Tommy Wiseau's "The Room" is an independent film about adultery and framed spoons. Nicknamed "the 'Citizen Kane' of bad movies," it's got a cult following now, but this eccentric little drama only made $1,900 during its original theatrical run.
Oddly enough, these two projects have a few things in common. They both came out in 2003 — and they both used green screens. So do all kinds of different movies, from "Avengers: Endgame" to "The Wolf of Wall Street."
Green screens let creators combine parts of two separate images or videos. Want to watch Gandalf the Grey wax philosophic on a mountaintop? You could film that on location, sure. Or you could put actor Ian McKellen in front of a wall-sized green screen and then add the rugged backdrop later.
A Colorful Industry
Green screens are part of a special effects process that's variously called "chroma key compositing," "chroma keying" and "color keying." But we'd say the most descriptive name is the one the British Broadcasting Corporation (or BBC) prefers: "color separation overlay."
In today's Hollywood, the method is pretty straightforward. First the studio sets up a flat, smooth surface — like a literal screen, a sheet of fabric or a painted wall. Whatever it is, the thing has to be uniform in color.
Next, the performers act out their scenes with the monochromatic surface right behind them. The effects artists use computer software specifically designed for this job to filter out everything in the shot that matches a pre-selected color.
So if, say, the backdrop is a vibrant green — and you've told the software to digitally remove that color — then the background surface will become transparent. It can then be replaced with a still image or a different video feed.
Just like that, the actors are magically transported from a green-lined set to some faraway planet. Or maybe a dinosaur paddock like the ones in "Jurassic Park." The possibilities are legion.
Green or Blue?
Usually, the screens and backdrops used in these visual effects shots come in one of two colors: Green or blue.
Why is that? Let's suppose you've got something in the foreground (like a costume piece) that's the same color as your backdrop. The software might fail to see the difference and then erase the object automatically.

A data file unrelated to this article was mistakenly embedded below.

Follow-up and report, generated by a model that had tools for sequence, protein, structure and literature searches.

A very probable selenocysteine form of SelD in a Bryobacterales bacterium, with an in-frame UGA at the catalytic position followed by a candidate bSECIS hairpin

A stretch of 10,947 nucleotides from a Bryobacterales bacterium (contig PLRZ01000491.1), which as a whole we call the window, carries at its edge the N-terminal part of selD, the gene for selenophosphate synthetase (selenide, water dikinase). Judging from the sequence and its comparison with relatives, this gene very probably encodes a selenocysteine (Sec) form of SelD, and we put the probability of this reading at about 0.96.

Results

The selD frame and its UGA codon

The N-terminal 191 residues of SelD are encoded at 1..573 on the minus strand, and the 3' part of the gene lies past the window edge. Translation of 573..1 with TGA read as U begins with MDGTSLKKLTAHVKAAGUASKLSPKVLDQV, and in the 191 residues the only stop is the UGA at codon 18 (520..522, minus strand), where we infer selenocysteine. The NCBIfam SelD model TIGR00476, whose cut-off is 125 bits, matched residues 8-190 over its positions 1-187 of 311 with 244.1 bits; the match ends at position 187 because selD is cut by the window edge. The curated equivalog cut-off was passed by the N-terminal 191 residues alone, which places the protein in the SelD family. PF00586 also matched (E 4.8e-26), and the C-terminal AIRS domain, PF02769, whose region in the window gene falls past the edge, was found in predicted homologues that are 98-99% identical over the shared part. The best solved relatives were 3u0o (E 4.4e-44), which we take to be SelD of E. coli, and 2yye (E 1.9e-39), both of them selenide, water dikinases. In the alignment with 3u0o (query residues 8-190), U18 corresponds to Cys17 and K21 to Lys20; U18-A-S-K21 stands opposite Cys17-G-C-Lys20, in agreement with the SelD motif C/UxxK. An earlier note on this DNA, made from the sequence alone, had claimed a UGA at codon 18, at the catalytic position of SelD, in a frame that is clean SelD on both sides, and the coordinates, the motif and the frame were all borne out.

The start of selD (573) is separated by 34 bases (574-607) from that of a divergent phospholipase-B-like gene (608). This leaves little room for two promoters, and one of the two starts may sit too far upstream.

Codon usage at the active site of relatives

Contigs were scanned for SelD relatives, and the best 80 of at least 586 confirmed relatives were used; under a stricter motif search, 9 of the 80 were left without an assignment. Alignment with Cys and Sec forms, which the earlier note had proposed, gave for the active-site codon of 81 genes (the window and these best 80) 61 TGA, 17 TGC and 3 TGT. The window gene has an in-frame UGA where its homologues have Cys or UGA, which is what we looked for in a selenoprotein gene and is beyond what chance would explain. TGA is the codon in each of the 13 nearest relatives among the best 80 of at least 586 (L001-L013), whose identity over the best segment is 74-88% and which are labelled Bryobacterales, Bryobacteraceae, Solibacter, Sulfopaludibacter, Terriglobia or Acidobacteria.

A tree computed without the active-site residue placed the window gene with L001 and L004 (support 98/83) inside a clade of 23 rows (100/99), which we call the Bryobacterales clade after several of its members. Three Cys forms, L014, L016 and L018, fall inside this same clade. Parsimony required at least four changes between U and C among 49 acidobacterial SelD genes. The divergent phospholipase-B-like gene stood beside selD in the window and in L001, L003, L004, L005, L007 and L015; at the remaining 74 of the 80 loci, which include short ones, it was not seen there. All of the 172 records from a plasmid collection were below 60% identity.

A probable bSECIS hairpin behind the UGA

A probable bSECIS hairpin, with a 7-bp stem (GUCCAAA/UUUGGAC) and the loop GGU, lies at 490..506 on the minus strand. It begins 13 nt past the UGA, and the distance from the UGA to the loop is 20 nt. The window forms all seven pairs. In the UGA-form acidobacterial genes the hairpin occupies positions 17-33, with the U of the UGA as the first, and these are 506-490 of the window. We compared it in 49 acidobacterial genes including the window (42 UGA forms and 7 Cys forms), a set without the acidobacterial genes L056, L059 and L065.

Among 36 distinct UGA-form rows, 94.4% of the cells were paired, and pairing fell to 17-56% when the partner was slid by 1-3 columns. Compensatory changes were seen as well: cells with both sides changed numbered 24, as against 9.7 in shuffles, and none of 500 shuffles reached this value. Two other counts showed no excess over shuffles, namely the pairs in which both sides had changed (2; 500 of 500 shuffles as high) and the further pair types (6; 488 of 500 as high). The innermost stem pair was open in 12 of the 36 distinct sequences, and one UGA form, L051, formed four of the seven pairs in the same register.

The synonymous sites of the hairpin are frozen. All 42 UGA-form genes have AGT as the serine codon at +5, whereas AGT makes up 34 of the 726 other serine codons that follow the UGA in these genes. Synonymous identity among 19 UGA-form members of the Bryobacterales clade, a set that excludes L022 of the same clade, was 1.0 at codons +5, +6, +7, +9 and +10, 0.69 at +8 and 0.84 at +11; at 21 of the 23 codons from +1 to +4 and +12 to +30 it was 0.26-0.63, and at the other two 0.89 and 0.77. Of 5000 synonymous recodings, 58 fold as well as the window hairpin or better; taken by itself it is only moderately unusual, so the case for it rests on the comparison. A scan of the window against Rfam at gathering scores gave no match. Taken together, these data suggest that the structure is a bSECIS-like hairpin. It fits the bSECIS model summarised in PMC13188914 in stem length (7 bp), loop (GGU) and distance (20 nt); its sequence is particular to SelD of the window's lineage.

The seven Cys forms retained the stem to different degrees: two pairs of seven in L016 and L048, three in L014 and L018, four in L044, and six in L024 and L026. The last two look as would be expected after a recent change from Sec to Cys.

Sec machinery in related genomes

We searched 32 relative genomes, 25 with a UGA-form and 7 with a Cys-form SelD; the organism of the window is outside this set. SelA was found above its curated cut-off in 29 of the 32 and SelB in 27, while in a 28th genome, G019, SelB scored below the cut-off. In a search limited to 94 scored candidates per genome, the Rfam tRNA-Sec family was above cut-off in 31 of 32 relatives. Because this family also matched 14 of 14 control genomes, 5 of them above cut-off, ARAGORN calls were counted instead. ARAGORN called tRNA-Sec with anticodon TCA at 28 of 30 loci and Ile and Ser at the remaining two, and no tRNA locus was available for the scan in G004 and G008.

Granted, this could work in your favor — but only if it's intentional.
So when selecting a backdrop color, anything that resembles human skin tones is probably a non-starter. Can't have the leading lady's hands and face disappear without warning. (Not unless she's playing Sue Storm anyway.)
Bright green and royal blue look nothing like human skin. And they're seldom used in costumes. For these reasons, they've become the two most popular backdrop color choices in scenes that depend on chroma keying tech.
Because modern cameras have an easier time singling green out, you're more likely to see green screens than blue ones on today's movie sets. Also, it's harder to get the lighting right with blue screens.
Don't get us wrong, though. There's plenty of room for both. In "Spider-Man" (2002), the title character swings around New York City in his trademark blue and red tights. Whereas his archnemesis the Green Goblin wears... well, he wears green. (Duh.)
For the flying scenes, the crew had to put Spider-Man in front of a green screen and the Goblin in front of a blue screen. That way, both characters stood out against their respective backdrops.
Besides accidentally wearing things that match the background color, there are a few other mistakes you'll want to avoid while playing around with the chroma keying process.
Try to light the actual "screen" (or wall or what-have-you) as evenly as possible. That'll make it much easier to edit out of the shot.
Also, since you're combining two separate images, definitely see if you can get the lighting to sync up. If the actor on screen casts a shadow in one direction, but the shadows in the background picture point the other way, your audience will spot the mismatch.
Green screens should be kept wrinkle-free, or you'll run into that uneven lighting issue again. Keep the screen taut while you film — and consider ironing or steam-cleaning it as needed.
Properly staging the actor(s) is important, too. Make sure none of the people or objects in the foreground are casting shadows directly onto the screen. For best results, put some space between them and the backdrop.
We live at a time when chroma keying isn't just for the major networks and studios anymore. Vloggers and YouTubers can now take full advantage of this technology. Zoom even has a virtual background feature which lets participants pose themselves in front of sandy beaches, city landmarks or whatever else tickles their fancy.
According to the company's website, this feature "works best with a physical green screen and uniform lighting to allow Zoom to detect the difference between you and your background."
And then check out "The Room" because that movie's a treasure.